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If you are a parent with school-age children who might be considering a move to the area, then take note.
On virtually any day during the months of November through February (…and any rainy day in any other month), school is likely to be closed — for no good reason.
As a rule, parents must find alternate child care up to 13 days each year! (This is for days in which you would think that your children would be in school.)
…the same is true for day care, preschool, and even colleges & universities in Tennessee.
Why? Because around here, they close schools on the premise of having snow, sleet, ice, or even rain sometimes! No kidding.
Yep. Administrators within the Tennessee school systems appear to be very safety-conscious when it comes to getting children to and from school on Tennessee’s roadways.
The good news is they try to make “the call” the afternoon or evening before — which gives parents some time to make alternate arrangements for their children the next day.
The bad news is they often guess wrong, and the bad weather never even hits!
For the children:
- This is great. I would have loved up to 13 “free days” each year when I was a kid.
For the parents: This can be a headache. It’s often difficult to make last-minute arrangements for your children… especially if you work outside the home.
In all fairness, we don’t normally see a lot of snow in Tennessee. And as a result, there are relatively few salt trucks available to “work their magic” by preparing the roads for snow and ice — particularly within the Nashville area.
Because of this, the school administrators tend to be very generous in their guestimation of how bad a winter storm will be or even whether or not bad weather is headed our way in the first place. (Of course, if they use the weather forecasts seen on the local news channels as their guide… well, then that’s a whole other issue. Those poor guys rarely seem to get it right!)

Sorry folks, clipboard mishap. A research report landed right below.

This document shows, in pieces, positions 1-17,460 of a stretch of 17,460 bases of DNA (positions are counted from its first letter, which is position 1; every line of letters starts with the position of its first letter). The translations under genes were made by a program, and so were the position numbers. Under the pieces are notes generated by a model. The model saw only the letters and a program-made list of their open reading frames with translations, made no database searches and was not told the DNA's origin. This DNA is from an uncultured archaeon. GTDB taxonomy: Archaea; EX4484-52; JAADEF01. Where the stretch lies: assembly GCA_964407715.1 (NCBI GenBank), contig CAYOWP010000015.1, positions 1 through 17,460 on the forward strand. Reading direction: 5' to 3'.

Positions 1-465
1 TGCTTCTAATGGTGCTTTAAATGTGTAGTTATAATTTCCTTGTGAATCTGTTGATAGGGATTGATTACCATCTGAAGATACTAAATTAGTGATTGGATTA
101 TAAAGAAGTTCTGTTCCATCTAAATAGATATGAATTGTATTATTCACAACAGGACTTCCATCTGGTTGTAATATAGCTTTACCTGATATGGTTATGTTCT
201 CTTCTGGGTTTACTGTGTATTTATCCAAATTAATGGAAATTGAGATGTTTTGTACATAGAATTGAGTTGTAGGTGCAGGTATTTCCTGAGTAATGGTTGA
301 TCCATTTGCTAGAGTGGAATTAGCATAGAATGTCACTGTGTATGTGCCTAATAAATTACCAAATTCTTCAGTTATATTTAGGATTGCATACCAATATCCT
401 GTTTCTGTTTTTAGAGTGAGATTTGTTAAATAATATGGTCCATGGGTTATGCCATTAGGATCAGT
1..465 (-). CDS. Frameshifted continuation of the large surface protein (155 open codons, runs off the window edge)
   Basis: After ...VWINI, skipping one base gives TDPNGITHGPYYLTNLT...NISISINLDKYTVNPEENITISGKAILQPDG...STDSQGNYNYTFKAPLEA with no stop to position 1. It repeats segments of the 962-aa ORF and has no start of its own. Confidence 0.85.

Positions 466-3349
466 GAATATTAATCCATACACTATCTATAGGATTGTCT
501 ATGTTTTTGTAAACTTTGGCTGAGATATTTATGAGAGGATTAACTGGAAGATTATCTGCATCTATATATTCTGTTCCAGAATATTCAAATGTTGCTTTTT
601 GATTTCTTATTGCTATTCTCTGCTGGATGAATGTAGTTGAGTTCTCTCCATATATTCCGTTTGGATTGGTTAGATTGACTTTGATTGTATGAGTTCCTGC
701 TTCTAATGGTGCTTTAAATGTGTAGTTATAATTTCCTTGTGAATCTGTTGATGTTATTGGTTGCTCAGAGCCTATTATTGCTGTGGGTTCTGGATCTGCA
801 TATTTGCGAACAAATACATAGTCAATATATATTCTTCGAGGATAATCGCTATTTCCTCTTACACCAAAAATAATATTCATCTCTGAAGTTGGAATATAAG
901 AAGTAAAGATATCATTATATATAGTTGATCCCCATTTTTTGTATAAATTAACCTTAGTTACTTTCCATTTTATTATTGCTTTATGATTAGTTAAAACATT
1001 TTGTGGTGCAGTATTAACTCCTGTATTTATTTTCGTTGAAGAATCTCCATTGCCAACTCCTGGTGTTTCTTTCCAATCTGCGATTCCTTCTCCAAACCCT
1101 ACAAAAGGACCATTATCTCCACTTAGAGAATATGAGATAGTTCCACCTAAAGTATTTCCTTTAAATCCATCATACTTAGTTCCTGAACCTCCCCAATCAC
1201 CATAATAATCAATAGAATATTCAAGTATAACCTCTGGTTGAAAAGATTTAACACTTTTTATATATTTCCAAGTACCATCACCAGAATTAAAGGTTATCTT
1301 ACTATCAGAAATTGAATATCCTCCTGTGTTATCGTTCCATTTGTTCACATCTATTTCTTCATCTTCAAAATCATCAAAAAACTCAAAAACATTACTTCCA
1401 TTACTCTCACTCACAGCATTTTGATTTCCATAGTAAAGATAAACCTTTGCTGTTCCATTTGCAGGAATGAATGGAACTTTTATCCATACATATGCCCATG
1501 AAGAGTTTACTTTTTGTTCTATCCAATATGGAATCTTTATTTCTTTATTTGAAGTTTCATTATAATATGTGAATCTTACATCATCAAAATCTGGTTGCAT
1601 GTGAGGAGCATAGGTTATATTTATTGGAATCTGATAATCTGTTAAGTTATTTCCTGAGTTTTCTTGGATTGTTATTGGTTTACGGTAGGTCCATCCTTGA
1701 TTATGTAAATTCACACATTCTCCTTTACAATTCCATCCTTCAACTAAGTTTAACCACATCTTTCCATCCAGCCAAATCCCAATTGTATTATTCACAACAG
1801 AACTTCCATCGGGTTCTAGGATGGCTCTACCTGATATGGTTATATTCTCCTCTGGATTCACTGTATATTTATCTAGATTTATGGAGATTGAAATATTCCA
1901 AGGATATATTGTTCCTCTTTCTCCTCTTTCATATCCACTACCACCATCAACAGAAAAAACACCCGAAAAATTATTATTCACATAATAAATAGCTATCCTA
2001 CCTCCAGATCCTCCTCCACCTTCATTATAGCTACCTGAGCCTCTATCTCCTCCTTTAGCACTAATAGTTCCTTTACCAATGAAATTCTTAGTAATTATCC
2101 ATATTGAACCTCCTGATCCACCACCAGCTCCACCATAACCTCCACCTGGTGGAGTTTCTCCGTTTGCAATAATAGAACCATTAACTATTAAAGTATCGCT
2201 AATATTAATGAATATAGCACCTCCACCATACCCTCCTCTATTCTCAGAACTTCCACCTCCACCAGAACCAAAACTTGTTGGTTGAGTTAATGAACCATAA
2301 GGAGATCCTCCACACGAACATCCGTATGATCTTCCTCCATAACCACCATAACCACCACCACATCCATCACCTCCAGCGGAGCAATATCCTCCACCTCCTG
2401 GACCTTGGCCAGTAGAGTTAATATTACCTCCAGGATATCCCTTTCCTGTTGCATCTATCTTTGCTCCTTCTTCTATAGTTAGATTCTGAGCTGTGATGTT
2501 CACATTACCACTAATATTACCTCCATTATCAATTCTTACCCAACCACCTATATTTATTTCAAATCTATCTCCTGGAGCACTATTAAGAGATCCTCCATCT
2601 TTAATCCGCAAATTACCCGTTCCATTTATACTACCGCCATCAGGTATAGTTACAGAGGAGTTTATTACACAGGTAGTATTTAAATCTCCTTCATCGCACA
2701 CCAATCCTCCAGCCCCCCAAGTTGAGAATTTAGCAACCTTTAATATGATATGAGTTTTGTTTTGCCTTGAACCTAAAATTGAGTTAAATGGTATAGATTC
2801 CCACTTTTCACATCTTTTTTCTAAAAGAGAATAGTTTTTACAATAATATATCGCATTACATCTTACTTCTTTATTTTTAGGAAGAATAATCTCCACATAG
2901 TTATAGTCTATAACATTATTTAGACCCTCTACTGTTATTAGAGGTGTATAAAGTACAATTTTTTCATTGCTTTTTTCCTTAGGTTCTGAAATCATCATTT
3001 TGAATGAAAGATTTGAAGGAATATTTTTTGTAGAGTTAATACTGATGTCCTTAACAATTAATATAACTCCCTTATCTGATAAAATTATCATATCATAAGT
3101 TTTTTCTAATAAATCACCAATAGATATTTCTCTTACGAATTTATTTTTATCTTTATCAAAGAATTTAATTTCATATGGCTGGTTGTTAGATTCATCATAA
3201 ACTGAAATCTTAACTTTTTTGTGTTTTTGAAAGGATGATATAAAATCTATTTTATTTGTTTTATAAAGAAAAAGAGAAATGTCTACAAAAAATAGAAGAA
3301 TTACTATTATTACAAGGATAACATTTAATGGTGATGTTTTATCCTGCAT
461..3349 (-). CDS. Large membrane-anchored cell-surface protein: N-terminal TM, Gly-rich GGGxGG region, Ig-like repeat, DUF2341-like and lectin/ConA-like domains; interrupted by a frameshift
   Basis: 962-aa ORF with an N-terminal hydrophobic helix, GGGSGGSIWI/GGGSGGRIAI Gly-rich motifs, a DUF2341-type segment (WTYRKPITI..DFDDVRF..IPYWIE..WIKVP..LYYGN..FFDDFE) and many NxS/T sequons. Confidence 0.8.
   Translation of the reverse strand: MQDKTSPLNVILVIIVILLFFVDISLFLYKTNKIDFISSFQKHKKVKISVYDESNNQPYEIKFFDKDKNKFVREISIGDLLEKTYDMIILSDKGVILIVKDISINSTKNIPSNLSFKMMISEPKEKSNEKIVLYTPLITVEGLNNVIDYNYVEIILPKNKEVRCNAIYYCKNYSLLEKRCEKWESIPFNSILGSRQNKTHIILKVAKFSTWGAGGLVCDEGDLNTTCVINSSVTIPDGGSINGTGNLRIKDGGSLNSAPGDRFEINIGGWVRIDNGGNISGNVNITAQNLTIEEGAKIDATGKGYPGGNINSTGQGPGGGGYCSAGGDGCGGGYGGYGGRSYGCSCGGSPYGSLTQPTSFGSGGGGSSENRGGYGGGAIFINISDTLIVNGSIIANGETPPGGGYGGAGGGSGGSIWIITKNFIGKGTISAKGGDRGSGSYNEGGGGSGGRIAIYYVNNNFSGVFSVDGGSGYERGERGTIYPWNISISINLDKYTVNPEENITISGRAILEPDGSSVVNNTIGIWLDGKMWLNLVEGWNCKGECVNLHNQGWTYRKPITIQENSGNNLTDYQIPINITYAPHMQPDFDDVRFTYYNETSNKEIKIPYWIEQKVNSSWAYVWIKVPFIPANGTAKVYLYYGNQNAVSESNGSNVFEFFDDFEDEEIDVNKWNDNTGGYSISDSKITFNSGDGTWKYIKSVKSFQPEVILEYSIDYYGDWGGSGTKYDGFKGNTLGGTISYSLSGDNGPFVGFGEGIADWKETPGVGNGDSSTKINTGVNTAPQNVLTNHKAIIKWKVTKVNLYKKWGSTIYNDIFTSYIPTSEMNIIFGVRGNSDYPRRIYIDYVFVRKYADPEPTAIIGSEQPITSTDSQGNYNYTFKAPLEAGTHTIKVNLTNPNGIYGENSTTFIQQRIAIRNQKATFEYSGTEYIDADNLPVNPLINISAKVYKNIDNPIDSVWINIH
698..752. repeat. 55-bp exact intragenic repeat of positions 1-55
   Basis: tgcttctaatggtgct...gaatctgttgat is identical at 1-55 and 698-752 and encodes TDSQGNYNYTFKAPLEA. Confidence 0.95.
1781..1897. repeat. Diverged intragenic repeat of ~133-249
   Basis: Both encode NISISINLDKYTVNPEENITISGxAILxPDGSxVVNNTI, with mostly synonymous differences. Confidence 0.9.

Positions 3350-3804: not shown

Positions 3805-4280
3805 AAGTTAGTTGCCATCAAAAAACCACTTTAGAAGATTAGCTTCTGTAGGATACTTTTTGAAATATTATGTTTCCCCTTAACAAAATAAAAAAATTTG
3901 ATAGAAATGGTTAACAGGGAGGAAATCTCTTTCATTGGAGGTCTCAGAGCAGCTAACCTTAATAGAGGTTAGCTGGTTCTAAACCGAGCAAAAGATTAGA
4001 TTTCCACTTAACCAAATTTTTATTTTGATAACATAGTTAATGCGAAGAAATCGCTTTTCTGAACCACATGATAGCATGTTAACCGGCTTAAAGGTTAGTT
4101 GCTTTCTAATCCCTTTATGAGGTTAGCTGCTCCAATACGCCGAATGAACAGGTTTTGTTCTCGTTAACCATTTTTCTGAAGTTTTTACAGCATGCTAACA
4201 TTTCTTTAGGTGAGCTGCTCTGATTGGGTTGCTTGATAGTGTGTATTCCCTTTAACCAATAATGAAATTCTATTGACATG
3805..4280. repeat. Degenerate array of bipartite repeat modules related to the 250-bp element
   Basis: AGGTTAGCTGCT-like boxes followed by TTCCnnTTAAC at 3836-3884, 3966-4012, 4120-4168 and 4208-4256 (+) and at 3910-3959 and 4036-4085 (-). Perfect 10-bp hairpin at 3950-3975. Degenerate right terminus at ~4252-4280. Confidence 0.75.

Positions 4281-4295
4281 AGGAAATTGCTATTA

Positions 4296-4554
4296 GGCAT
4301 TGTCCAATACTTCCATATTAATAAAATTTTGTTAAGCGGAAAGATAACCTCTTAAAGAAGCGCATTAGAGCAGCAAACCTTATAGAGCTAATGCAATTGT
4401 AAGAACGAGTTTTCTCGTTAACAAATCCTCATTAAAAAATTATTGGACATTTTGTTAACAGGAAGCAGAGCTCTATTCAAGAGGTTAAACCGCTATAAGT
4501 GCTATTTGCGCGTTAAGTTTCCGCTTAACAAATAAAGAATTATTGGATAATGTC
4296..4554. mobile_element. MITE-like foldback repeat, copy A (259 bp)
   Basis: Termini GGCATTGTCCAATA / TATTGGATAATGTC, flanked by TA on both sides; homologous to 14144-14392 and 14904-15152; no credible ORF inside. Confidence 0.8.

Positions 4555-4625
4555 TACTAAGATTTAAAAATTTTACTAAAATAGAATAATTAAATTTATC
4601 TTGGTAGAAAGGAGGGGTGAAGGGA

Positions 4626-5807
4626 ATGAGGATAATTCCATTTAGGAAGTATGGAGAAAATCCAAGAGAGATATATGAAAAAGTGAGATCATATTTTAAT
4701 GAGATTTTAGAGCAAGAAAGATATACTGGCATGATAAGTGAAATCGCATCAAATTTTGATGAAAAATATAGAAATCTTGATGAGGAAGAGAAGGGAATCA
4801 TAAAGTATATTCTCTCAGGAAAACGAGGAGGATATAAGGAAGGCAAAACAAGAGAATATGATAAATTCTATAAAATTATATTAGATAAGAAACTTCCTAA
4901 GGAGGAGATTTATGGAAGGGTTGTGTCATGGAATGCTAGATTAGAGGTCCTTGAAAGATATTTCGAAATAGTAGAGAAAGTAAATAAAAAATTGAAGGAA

I should mention that while snow & ice aren’t all that common here in these parts, heavy rains and flooding are! The Harpeth River that winds through all parts of middle Tennessee overflows more times than not after 1 to 2 rainy days in a row — or a very heavy downpour. So it’s not at all uncommon to see some sideroads closed, and yes, schools closed due to a lot of rain (…maybe even on the premise of a lot of rain).
Want to see something really funny? Check out these actual notes written by parents in a Tennessee school district!
Adults Should Get “Snow Days” Too
Now, if you ask me, what they need to do is call off work for adults on such days… because NO ONE in Tennessee knows how to drive on even the slightest bit of snow, ice, or sleet (…even rain!).
DISCLAIMER: I grew up in Indiana, and my husband lived in Ohio for much of his adult life. Therefore, we are perhaps more adept at driving in snow & ice (and rain?) than most Tennesseans.
If you haven’t experienced the mayhem on the roads here in Tennessee yourself during “bad weather”… just imagine a bunch of 70-somethings driving 30-something (on the expressway), tapping the break the whole way, and riding with the hazard lights on the entire time.
Then again, you’ve got the other extreme: daredevils who don’t have a clue about things like “reaction times”, “turning into versus out of the skid”, and “stopping distance”.
No matter which end of the spectrum you see out there driving in bad weather, these folks put everyone else at risk without even realizing it.
Can’t picture what I’m talking about?… Check out Matt Helms’ article entitled What NOT To Do When Driving.
Your best bet: Call in sick at work on the premise of a bad weather day. You and your kids (…and all the other drivers out there on the roads) will be better off for it.
Check here to see if schools are really closed today: News Channel 5 School Closings
We moved from Florida to Tennessee in 2001. All signs point to the fact that we will probably retire here — by choice. We L O V E Nashville! Our favorite places to live are just south of the City — we've had houses in Brentwood, Franklin, and Spring Hill. And we have properties in Leipers Fork, Cookeville, and Lewisburg. This site is where I share my best tips for moving your family to Nashville and/or visiting Nashville for the first time — with the ultimate goal of helping you find fun things to do in Williamson County and Davidson County. When I'm not out & about enjoying the Nashville area, you'll find me at the corner of Good News & Fun Times as publisher of The Fun Times Guide (32 fun & helpful websites).